• Entman Robert M. (1994) Representation and Reality in the Portrayal of Blacks on Network Television News. Journalism Quarterly 71(3): 509-520.
  • Galtung, Johan (1990) Cultural Violence. Journal of Peace Research 27(3): 291–305.
  • Harle, Vilho (2000) The Enemy with a Thousand Faces. Westport: Praeger (selected parts).
  • Keen, Sam (2004) Faces of the Enemy, Reflections of the Hostile Imagination (3rd ed). San Francisco: Harper.
  • Oppenheimer, Louis (2006). The Development of Enemy Images: A Theoretical Contribution. Peace and Conflict: Journal of Peace Psychology, 12(3) 269–292
  • Petersson, Bo (2009). ”Hot Conflict and Everyday Banality: Enemy images, scapegoats and stereotypes”. Development, 2009, 52(4), (460–465)
  • Pettigrew, Thomas F. (1998) Intergroup Contact Theory. Annual Review of Psychology 49:1: 65-85.
  • Pettigrew, Thomas F. et al. (2011). “Recent advances in intergroup contact theory”. International Journal of Intercultural Relations 35 (2011) 271–280
  • Post, Jerrold M (1999). “The Psychopolitics of Hatred: Commentary on Ervin Staub’s Article” in Peace and Conflict: Journal of Peace Journalism 5(4)
  • Ramasubramian, Srividya (2007). Media-Based Strategies to Reduce Racial Stereotypes Activated by News Stories. Journalism and Mass Communication Quaterly 84(2): 249-264.
  • Reyes, Antonio (2011) Strategies of legitimization in political discourse: From words to actions. Discourse & Society. 22(6) 781–807
  • The SAGE Handbook of Prejudice, Stereotyping and Discrimination (c2010). Ed. John Dovidio (London: SAGE) Chapter: 1, 4-15, 30-35
  • Silverstein, Brett (1989). Biases in the Perception and Cognition of the Actions of Enemies 45(2). 51-72
  • Silverstein, Brett (1989) Enemy Images,The Psychology of US. Attitudes and Cognitions Regarding the Soviet Union. American Psychologist, 44(6) 903-913 903-91
  • Snyder, Mark; Tanke, Elizabeth Decker; Berscheid, Ellen (1977) Social Perception and Interpersonal Behavior: On the Self-Fulfilling Nature of Social Stereotypes. Journal of Personality and Social Psychology 35(9): 656-666.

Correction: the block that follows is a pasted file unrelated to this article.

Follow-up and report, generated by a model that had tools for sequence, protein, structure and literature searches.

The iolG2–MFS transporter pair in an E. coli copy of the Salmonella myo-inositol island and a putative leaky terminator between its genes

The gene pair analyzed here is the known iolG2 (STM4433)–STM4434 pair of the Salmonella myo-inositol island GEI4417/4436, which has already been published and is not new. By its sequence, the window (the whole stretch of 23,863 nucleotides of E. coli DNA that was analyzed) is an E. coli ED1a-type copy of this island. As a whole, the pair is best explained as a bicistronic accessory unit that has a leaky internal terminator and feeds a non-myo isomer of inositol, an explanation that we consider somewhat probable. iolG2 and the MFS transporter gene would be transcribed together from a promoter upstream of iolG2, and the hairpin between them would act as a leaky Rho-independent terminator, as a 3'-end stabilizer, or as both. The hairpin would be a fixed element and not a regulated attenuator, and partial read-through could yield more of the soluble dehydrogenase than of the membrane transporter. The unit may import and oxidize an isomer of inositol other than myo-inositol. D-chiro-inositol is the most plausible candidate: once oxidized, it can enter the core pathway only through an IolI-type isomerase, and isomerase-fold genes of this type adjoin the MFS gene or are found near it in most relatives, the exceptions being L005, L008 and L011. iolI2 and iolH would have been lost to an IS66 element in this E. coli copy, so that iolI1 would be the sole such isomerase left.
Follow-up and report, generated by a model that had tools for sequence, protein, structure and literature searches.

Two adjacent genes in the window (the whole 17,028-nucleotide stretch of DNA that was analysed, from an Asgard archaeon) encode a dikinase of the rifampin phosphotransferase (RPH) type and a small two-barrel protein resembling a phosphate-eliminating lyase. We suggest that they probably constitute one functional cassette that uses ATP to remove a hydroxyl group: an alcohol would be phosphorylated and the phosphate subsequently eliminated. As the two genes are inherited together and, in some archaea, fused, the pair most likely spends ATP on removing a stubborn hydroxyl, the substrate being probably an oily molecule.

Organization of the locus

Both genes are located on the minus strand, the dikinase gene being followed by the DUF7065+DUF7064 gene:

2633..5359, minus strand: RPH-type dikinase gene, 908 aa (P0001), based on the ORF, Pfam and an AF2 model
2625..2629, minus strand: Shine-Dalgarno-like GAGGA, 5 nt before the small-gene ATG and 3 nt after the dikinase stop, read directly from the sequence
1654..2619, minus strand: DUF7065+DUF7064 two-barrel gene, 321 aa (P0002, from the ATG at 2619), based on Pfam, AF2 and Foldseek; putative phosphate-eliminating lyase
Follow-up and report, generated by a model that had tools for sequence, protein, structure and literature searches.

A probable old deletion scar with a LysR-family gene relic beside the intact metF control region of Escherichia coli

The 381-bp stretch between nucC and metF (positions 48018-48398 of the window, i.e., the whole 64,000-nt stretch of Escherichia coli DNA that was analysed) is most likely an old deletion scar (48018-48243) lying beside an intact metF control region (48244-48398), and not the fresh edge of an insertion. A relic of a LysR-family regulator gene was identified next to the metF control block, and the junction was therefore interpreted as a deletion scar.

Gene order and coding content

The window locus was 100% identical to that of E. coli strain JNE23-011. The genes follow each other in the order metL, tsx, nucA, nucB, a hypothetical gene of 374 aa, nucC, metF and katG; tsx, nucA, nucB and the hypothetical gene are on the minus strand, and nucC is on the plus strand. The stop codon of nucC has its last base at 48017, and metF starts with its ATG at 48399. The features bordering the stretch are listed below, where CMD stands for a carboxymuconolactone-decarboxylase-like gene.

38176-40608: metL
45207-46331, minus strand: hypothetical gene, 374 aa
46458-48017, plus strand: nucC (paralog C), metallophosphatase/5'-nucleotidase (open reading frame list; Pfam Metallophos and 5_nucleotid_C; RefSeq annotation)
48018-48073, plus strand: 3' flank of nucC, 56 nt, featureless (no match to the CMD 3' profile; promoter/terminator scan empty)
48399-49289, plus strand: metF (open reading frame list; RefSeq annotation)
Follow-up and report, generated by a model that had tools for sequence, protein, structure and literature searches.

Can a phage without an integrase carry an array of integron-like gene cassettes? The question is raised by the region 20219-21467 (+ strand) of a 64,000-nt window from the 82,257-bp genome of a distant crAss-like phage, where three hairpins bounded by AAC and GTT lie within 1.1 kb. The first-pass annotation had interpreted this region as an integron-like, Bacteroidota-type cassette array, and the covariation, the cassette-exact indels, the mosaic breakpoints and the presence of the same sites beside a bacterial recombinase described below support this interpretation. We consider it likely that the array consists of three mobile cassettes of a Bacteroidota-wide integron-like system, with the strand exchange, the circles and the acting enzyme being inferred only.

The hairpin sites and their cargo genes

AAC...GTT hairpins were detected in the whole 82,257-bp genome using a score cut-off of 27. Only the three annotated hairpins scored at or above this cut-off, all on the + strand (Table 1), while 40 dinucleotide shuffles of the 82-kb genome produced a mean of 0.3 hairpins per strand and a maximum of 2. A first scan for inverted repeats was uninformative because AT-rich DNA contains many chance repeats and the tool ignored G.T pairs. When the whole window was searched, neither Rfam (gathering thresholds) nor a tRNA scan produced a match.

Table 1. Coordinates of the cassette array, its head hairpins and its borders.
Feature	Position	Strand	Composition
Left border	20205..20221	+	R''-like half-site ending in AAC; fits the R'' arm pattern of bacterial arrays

• Sontag, Susan (2003) Regarding the Pain of Others, New York: Picador
  • Steiner, Kristian (2015) Images of Muslims and Islam in Swedish Christian and secular news discourse Media, War & Conflict, 28(1) 20–45
  • Steuter, Erin; Wills, Deborah (2009) Discourses of Dehumanization: Enemy Construction and Canadian Media Complicity in the Framing of the War on Terror. Global Media Journal, Canadian Edition, 2(2), pp. 7-24.
  • Worchel, Stephen (1978) Facilitation of Social Interaction Through Deindividuation of the Target. Journal of Personality and Social Psychology 36(5): 549-556.

Course evaluation

Excellent (A), Very Good (B), Good (C), Satisfactory (D), Pass (E) or Fail (U).

Contact

The education is provided by the Faculty of Culture and Society at the department Department of Global Political Studies.

Further information

Kristian Steiner, Course Coordinator
Phone: 040-6657267
GPSstudent - Malmö universitet,

Application

03 September 2018 - 20 January 2019 Day-time 100% Malmö Schedule

Tuition fees

for non-EU students only

First instalment: 42000 SEK
Full tuition Fee: 42000 SEK

21 January 2019 - 09 June 2019 Day-time 100% Malmö Application period for this offer starts 17 September 2018.